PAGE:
Oh, and there’s gardening:
Mātauranga Māori is not locked in the past. It is still evolving and developing. It is a framework for our Indigenous knowledge systems, whether they are still purely traditional or whether we have incorporated other thinking and concepts and added elements of our Māoriness to them.
I think, for example, about how our ancestors were excellent gardeners. When new variations of crops like potatoes and pumpkin were introduced, they quickly adapted to those and incorporated them into their world. But they still planted them using the lunar calendar, even though they were introduced species.
But he gives no evidence that MM, or at least its practical knowledge, is “evolving and developing.” In the meantime, we have the Green Revolution, transgenic plants, and other accomplishments of modern agricultural science—which, by the way, is connected to people’s lives.
“Western” science (Matamua’s word) is impotent at importing its findings into people’s lives. I find this claim unbelievable, and do remember that Matamua is a fellow of New Zealand’s Royal Society.:
It’s a waste of time trying to argue with those people. Debating in that way just sets up the idea that mātauranga Māori and western science are adversaries. They’re not. In fact, they connect very well together. The important difference, for me, is that Indigenous knowledge systems understand how to link people with the scientific concepts in a meaningful way.
There is clear evidence, for example, that we are heating up the earth. Scientific evidence. We are emitting carbon, we are polluting. Western science is saying: “Here is the evidence.” Yet the science has failed to embed that knowledge in the everyday practices of people. If western science was all knowing and all perfect, then we wouldn’t find ourselves in a situation where we continue to destroy the only livable planet we have that exists within any manageable distance from us.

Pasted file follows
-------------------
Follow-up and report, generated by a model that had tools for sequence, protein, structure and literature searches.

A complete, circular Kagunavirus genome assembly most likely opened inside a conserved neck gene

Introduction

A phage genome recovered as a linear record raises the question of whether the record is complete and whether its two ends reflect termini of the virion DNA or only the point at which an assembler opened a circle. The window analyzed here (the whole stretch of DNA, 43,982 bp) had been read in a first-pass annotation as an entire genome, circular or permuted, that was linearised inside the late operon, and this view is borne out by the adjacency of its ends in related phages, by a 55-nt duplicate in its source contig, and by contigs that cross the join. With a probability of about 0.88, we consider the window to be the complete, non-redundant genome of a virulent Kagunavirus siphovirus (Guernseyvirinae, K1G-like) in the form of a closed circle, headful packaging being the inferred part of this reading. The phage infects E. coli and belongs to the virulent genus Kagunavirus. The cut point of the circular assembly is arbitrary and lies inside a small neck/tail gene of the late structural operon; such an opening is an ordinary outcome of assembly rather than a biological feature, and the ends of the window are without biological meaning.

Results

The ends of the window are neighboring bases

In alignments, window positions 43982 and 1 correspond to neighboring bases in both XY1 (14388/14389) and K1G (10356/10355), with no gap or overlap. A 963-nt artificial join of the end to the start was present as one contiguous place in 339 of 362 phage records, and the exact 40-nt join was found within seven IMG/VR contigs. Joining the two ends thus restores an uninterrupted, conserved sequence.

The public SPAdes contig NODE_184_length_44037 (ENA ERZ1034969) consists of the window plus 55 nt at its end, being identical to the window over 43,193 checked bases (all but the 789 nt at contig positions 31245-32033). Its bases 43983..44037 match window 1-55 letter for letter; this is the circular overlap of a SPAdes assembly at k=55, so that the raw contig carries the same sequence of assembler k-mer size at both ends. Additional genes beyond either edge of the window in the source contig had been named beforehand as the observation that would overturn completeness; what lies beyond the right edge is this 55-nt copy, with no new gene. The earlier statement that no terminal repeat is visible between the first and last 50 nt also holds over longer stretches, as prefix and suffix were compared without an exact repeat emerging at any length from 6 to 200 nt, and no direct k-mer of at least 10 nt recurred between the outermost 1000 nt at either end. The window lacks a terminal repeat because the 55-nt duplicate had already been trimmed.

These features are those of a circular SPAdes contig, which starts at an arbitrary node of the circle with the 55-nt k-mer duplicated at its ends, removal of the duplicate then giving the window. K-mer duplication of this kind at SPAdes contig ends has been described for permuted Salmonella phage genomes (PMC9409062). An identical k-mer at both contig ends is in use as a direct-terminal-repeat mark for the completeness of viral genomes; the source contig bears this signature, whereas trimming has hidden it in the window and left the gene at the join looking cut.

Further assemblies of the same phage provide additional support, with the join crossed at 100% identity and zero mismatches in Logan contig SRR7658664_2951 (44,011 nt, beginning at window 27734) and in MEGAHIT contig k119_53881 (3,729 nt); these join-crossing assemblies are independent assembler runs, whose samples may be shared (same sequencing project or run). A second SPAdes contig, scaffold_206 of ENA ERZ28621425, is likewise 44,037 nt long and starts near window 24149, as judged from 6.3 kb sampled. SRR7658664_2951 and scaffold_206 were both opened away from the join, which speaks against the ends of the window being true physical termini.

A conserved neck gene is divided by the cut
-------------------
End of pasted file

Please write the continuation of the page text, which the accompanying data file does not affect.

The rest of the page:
So, when it comes to these really important issues, we can’t assume that one way of knowing is superior to another.
It’s not the science that is deficient here, but humans’ lack of will. It is not the job of science, but of public policy to decide what to do with the science. To diss science for not making people accept and do something about global warming is simply a misplaced accusation. This, in fact, makes me think that Matamua doesn’t understand what modern science does.
And to claim that modern science, in contrast to MM, does not understand how to link people with the scientific concepts in a meaningful way is to make a fatuous and risible claim. How much of our lives are imbued with modern science, from transportation, to medicine, to food, and so on? Are these connections not “meaningful”? Was the saving of thousands of lives with RNA-based covid vaccines (a product, by the way, derived from the pure science that led to DNA sequencing) “not connecting people with scientific concepts in a meaningful way”?
Finally, Matamua gives himself the ultimate out.
You can’t criticize MM unless you can speak Māori. Yes, this is what he sys:
Even for me to be using English now to explain these things misses a whole level of understanding that comes when we talk about them in te reo Māori. Our reo and our practice of mātauranga Māori are such major ways of maintaining our traditional knowledge that I have to remind myself that the opinions of people who have absolutely no understanding of Māori language or customs is null and void when it comes to determining how our knowledge is defined.
I’m spending this time on Matamua’s piece only because he’s big name in MM, Maori astronomy, and is also a member of New Zealand’s Royal Society. But the words that flow from his pen don’t impress me at all.